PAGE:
Nobody questions IM’s potential to emerge as a major communication tool. Global research firm IDC estimates that the number of corporate users will increase at a compounded annual growth rate of 140% form 5.5 million in 2000 to over 180 million in 2004; and they will send almost 2 trillion messages a year. Gartner, another international research outfit, expects organisations using IM internally to generate 40% fewer emails.
You might be familiar with IM through your use of MSN Messenger, Yahoo Messenger or America Online’s (AOL) AIM. Other companies developing IM software include Jabber, Mercury Prime, QuickSilver, 2Way lkimbo, Ezenia, ACD Systems, Bantu and Pune based Ruksun Technologies. Simply download a copy of the free software client for your computer – and you are ready to swap messages in real time.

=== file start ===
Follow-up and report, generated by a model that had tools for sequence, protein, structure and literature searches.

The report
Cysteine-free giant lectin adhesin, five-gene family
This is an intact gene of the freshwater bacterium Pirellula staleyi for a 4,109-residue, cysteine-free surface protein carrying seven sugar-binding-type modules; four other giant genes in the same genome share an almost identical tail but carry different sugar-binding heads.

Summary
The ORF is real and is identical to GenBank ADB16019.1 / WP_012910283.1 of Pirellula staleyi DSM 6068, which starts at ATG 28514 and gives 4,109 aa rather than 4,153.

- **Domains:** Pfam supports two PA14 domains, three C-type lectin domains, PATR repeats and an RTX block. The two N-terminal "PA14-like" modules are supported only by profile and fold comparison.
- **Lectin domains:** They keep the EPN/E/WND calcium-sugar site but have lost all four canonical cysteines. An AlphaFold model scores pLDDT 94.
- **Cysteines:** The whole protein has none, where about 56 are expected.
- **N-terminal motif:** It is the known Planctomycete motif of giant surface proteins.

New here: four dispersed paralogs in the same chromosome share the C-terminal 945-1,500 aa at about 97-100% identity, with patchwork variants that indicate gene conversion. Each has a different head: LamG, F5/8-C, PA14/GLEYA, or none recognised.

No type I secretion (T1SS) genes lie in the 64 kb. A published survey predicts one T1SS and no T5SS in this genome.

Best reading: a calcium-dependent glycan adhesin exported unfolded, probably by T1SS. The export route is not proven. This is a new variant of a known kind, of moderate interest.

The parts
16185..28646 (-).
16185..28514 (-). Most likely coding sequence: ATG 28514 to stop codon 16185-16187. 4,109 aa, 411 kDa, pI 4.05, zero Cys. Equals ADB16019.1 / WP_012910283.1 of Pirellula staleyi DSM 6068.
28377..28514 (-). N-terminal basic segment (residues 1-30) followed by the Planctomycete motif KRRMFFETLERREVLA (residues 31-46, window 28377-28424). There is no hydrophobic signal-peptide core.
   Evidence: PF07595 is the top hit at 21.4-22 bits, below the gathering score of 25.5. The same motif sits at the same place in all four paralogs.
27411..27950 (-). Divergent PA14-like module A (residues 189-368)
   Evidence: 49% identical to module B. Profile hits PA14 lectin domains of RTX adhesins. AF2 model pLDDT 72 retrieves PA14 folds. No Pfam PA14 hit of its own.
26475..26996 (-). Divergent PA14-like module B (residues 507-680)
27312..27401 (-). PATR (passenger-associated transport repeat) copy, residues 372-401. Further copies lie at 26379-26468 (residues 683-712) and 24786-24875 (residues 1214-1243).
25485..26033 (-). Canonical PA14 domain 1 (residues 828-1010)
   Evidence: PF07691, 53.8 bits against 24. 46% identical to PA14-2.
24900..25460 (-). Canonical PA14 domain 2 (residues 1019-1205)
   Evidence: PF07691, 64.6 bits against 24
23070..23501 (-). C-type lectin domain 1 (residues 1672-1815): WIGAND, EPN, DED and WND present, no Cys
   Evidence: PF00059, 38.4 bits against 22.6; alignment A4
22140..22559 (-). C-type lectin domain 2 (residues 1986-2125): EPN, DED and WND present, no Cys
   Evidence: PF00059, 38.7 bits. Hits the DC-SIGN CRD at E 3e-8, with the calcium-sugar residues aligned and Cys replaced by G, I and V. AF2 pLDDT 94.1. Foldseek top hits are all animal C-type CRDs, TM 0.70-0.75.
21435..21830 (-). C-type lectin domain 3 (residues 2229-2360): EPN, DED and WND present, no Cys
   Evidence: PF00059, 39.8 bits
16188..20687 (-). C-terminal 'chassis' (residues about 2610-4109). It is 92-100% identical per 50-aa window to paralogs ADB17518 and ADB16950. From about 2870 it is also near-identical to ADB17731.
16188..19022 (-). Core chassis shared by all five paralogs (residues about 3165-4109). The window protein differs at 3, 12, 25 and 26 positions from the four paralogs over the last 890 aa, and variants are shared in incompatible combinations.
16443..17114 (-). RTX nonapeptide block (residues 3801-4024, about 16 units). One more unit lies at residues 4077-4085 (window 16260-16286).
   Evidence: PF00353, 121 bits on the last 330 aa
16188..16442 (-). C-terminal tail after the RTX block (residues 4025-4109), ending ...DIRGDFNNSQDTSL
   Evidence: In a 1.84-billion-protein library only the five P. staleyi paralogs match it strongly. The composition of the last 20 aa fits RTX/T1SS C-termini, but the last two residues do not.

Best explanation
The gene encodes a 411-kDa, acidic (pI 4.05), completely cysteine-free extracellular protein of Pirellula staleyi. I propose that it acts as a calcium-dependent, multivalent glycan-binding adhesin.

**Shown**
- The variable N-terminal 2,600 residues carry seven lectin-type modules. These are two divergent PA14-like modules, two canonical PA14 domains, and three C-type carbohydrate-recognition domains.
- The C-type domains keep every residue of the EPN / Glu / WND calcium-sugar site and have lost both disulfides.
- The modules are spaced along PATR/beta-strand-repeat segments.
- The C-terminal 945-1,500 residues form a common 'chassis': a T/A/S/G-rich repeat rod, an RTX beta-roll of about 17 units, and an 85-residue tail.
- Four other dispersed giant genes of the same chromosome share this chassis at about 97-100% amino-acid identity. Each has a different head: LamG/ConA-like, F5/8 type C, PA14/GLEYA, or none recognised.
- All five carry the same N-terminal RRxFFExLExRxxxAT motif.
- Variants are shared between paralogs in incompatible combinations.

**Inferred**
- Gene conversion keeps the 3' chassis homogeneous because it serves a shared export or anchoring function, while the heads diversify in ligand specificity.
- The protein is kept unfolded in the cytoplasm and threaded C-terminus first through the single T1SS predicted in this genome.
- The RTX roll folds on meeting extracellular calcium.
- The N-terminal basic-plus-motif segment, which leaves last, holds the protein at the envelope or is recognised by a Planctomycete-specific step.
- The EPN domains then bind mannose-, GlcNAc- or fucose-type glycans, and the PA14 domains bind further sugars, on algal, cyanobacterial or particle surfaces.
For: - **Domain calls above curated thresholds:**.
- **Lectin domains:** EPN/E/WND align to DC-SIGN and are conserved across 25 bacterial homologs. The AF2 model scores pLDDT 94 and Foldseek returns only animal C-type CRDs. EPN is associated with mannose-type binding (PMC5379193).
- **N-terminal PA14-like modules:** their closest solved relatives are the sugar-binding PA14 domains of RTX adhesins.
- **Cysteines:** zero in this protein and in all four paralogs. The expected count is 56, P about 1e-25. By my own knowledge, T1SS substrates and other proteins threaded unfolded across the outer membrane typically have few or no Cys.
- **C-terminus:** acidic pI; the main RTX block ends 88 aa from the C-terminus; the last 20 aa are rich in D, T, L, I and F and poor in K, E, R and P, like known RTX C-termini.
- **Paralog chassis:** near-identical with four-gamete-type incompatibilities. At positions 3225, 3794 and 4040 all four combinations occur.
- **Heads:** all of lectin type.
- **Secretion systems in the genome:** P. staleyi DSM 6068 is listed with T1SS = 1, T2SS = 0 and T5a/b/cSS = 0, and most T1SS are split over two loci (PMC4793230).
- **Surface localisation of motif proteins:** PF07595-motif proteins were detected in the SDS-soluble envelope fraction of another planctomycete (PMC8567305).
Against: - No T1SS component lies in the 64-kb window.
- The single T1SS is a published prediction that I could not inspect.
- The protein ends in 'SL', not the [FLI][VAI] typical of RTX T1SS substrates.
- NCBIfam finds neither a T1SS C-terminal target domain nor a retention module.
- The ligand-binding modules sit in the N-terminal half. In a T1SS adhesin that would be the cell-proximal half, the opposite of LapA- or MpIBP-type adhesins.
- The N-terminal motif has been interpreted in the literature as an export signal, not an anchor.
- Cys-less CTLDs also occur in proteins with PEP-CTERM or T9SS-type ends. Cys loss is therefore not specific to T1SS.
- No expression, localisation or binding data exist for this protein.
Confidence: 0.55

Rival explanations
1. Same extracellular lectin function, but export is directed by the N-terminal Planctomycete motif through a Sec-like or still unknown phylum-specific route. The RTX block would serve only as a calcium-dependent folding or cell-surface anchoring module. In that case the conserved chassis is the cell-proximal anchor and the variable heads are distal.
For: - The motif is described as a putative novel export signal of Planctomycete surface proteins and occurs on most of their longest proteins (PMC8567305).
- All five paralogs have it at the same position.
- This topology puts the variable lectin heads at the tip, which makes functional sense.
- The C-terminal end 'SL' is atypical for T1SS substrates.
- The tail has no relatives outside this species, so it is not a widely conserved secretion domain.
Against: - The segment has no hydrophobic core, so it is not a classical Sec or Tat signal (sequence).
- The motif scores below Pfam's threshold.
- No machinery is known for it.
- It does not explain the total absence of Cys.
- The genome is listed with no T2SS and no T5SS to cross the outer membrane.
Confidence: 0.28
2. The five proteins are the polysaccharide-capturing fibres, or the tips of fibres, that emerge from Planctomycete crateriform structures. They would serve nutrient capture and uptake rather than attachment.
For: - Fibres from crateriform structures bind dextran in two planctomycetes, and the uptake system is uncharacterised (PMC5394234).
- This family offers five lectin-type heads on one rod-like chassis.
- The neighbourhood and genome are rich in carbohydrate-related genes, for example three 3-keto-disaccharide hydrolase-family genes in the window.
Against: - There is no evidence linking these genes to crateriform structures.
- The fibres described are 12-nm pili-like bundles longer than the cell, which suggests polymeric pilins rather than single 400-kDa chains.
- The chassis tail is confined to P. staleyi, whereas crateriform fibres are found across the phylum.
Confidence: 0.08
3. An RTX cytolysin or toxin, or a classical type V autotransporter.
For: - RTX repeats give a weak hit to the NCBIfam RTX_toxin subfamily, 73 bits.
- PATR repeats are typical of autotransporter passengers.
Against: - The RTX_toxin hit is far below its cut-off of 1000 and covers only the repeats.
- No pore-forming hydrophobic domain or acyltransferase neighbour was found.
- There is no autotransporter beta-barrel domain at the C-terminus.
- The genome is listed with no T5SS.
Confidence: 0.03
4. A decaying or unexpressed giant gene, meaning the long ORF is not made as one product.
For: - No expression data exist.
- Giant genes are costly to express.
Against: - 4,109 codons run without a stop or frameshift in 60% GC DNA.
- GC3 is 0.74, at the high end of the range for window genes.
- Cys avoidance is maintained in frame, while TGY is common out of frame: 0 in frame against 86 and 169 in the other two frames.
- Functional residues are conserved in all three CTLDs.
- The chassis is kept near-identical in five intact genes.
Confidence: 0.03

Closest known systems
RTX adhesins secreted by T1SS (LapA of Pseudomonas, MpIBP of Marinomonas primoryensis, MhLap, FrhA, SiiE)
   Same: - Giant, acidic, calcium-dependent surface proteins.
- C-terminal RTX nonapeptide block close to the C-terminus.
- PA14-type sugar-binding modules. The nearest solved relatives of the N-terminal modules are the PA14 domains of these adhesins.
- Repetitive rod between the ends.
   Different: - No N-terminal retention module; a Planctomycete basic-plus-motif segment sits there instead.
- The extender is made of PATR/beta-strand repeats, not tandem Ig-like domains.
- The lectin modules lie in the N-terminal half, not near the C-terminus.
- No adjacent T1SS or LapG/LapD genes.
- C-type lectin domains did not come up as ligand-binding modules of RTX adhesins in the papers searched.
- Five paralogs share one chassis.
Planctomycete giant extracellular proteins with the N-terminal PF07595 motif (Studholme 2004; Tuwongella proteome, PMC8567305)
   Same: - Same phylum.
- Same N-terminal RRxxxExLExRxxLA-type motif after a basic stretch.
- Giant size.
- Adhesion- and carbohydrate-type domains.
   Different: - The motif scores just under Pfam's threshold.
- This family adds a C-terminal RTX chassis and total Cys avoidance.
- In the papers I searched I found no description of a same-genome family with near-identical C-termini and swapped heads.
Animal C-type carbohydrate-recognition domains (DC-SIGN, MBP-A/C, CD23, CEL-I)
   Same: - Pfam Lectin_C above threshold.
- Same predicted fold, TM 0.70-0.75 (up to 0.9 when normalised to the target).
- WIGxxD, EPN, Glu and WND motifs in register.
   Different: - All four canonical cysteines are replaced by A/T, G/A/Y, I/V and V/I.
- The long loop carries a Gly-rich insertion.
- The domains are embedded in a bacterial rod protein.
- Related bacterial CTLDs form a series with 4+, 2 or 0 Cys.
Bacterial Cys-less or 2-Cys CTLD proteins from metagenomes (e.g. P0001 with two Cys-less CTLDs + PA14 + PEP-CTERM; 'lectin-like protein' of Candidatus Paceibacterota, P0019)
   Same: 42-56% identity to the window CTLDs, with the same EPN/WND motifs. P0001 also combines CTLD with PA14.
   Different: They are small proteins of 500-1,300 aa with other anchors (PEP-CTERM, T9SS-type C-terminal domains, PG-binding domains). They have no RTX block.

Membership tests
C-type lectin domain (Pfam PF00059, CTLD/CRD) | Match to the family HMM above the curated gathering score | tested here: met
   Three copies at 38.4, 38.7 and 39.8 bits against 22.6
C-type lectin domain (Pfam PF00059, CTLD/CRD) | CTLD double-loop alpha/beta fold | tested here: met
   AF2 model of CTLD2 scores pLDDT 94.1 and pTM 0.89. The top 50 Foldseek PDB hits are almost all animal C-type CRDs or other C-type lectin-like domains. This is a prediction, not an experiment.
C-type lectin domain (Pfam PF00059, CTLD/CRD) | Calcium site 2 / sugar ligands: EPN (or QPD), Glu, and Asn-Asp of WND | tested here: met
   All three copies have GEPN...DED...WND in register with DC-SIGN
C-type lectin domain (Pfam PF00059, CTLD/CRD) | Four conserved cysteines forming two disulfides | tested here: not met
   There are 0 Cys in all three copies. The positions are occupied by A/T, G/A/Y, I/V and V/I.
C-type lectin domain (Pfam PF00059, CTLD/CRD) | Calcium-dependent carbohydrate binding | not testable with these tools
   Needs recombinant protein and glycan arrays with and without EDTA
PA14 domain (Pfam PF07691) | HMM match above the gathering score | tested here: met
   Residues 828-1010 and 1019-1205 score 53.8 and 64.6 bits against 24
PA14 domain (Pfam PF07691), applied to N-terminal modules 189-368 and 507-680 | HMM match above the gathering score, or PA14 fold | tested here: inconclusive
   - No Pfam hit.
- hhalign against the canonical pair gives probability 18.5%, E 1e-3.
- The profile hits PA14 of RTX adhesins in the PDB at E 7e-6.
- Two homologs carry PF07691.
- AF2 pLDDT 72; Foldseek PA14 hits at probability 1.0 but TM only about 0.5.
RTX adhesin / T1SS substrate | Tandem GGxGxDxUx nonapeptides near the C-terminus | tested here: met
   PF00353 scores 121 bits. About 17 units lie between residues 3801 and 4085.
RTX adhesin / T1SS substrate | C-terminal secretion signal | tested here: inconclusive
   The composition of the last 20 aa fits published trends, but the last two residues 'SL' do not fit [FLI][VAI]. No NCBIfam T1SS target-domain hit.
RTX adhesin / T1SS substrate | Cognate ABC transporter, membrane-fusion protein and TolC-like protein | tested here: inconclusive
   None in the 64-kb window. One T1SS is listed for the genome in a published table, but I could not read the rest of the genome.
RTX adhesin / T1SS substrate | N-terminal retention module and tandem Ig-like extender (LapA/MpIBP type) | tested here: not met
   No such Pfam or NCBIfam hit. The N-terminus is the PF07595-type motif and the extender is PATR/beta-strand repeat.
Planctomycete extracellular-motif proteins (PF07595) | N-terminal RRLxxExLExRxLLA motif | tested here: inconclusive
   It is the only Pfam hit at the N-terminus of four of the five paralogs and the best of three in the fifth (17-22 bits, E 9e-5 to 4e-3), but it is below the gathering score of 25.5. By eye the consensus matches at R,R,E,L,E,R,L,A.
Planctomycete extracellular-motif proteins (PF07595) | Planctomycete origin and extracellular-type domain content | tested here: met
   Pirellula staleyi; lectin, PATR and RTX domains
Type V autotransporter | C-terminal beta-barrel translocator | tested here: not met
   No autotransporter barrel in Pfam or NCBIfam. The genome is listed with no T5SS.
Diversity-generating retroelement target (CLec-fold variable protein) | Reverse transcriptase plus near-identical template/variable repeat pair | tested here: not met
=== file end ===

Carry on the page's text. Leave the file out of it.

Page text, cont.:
Today, IM has moved ahead of just providing a text exchange facility to include video, images, voice, document exchange and mobile access for users using both WAP and SMS protocols. With Windows XP Messenger, it is possible to share applications. For instance, you can share a Word file or Powerpoint presentation with your colleagues in remote locations.
Ruskin Software Technologies has recently developed im2go, an IM toolkit that offers a comprehensive set of presence, awareness, messaging and conversation abilities. It has also launched Voice Messenger Force (VMF) with voice and chat capabilities. Windows XP’s messenger offers all the current features and voice, video and online collaboration.